Pitch perfect: How startups can reach investors successfully

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Géraldine Andrieux, at Blumorpho, shares her top tips on getting investors’ attention as a startup 

 

 

 

 

 

 

 

You’ve been invited to join a pitching competition at an event. After the excitement of receiving this news – and before thinking about what you are going to wear for the occasion – the key question is: how to introduce yourself and your company?

Let’s be honest, pitching events have been springing up regularly over the last few years. Being able to pitch sharp and smart is part of what is expected from a CEO, and recognised as a key entrepreneurial skill. But it is not just a storytelling issue. Indeed, very often investors tend to think ‘well, here is a person with great presentation skills, but what I am seeing now seems to be more like a show than a real business’. So, your main objectives are to catch both the attention of the jury, along with interest in your value proposition.

At Blumorpho we are working closely with investors, startups and corporates to support the emergence of new concept products, ventures and collaboration schemes. We have developed a good understanding of the startup and investor spheres over the years, and we are always happy to share some tips for a killer pitch. 

Be yourself

Most of the time when you participate in a pitching event or competition, you receive some guidance on selection criteria and typical templates to use. This is always good information to start with. But more than checking all the boxes, the best chance of catching the jury’s attention is to be yourself and to let your own personality make the difference.

Be sure to comply with the expected format and other requirements, but more than anything else remain yourself and be authentic when you speak; explain what you do, why you do what you do, and interact with the jury. Never forget that, at the end of the day, the investors base their decision on their trust in you as a founder.

‘Why’ is important 

Figures are always nice, but first things first, explaining ‘why’ should be a major part of your presentation. If you can convince the jury why your value proposition answers a real market need and represents a solid societal trend, then you’re halfway there. The other half will consist of demonstrating you and your team – it’s a collective game – have a specific alignment in terms of values with the challenge you are addressing. This is what will make you unique. Be specific: why are you ready to give all your energy and time to address this challenge? Spell out why your solution is distinct from existing ones, and show that you are customer-centric and focusing on market demand. Adaptability is key.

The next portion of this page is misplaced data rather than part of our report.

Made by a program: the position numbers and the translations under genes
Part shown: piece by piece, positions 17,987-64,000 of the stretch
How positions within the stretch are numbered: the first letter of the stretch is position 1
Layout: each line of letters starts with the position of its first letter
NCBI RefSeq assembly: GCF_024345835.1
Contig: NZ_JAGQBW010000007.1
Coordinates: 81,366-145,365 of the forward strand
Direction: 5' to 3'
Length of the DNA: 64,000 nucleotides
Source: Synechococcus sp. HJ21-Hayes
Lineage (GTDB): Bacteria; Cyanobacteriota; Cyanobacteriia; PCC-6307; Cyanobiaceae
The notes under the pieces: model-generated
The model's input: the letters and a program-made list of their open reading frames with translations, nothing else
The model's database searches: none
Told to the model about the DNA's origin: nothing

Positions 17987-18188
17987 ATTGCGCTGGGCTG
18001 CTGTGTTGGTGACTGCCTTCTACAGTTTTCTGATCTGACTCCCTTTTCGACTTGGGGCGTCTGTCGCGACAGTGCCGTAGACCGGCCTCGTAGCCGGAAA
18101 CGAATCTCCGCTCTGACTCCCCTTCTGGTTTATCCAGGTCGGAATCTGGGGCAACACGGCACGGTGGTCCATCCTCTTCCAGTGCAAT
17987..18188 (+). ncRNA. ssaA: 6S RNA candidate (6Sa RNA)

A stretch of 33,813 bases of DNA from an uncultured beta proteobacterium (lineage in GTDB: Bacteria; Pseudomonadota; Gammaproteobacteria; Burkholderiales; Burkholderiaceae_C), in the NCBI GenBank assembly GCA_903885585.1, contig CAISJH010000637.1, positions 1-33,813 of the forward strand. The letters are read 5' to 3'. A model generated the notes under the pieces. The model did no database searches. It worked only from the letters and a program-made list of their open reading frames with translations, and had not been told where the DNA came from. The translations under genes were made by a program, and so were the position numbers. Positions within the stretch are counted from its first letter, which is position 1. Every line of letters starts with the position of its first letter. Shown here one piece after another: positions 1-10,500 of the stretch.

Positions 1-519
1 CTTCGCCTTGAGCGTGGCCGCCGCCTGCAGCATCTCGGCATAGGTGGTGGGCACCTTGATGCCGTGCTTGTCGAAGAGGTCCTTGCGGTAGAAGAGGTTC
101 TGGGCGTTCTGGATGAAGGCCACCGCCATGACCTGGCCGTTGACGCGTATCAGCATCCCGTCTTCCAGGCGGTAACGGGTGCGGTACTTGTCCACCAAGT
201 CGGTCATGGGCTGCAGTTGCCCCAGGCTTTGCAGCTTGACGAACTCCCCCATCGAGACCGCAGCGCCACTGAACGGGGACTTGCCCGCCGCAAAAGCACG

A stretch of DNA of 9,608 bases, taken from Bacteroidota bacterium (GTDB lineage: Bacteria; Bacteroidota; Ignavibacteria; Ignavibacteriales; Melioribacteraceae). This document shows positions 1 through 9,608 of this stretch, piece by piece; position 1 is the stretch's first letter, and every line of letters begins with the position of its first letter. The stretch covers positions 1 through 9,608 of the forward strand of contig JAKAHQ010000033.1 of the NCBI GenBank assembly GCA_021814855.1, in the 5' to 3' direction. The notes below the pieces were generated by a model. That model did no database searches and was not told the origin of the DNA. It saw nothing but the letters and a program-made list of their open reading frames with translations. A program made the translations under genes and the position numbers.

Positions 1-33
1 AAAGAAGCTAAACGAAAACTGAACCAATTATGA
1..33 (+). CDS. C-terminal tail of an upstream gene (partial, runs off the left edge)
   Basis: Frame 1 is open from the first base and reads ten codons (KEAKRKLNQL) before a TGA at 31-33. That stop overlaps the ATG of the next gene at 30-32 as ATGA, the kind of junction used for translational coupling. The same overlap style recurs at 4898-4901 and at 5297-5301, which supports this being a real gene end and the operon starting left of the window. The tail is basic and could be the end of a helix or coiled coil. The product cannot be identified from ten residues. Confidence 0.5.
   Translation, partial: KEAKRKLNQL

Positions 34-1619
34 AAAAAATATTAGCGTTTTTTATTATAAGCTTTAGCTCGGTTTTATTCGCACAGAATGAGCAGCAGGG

Know your figures

You have to be convincing on your figures: the size of the market, pricing, awareness of competition, various business model options (combining a product with a service), generating repeat business, general market trends, potential evolution, and always try to show an attractive revenue stream. Also, be specific on the amount of investment you want, and link it to a tangible action plan. Bear in mind investors are looking for scalability, not a high fixed-cost level. Your pitch should sound to the jury like an obvious and demonstrated investment opportunity.  

Show you have got the ball rolling

You have limited time to convince, effectively only a few minutes. This is the tricky part. But never think there’s not enough time to demonstrate to the jury you are the best person to be successful in this business. Focus on what you have already achieved and what you have in the pipeline. 

This is how we recognise an entrepreneur: he or she has to be a doer, first. So, show your determination, show your knowledge with well-selected figures, examples, and company name drops. Show you already have committed potential customers and partners, show you have a better competitive position, and most importantly show you have already engaged the best team to work with you, as well as a strong advisory board. 

Don’t forget appearances

What you are wearing was not only a joke to introduce this article, it is also part of the game. The way you are behaving, moving or showing a product on video is also key. Adapt your presentation to the jury’s expertise and expectation; provide them with what they are looking for. Technical experts will evaluate the value of your technology, market experts will assess your market knowledge, financial experts will assess your growth and value potential. 

Also, do not miss the opportunity to highlight the pertinence of the jury’s points, especially when you don’t have an immediate or definitive answer to them. Use it as a peg to continue the exchange and build up a relationship. Remember that it is not what happens during your pitch, but how you react to what happens during your pitch – you will also be judged on that. 

Finally, images are always nicer than text. Images illustrate your pitch and keep your audience focused on you and what you are saying. Text tends to distract attention. The same for financial tables, which are less attractive than graphs illustrating the potential of growth. But again, what is most important is the energy you are transmitting, as well as your expertise. Give before you get!

To conclude, here is a suggested pitch structure, to be adapted to the requirements set by the jury: one third of the presentation on the opportunity and market (Why: values); one third on your solution and competitive positioning, who your customers are (What: differentiation); and a third on your team, partners and growth strategy (How: action plan) as a unique investment opportunity.

Last tip: practice, practice, and practice again!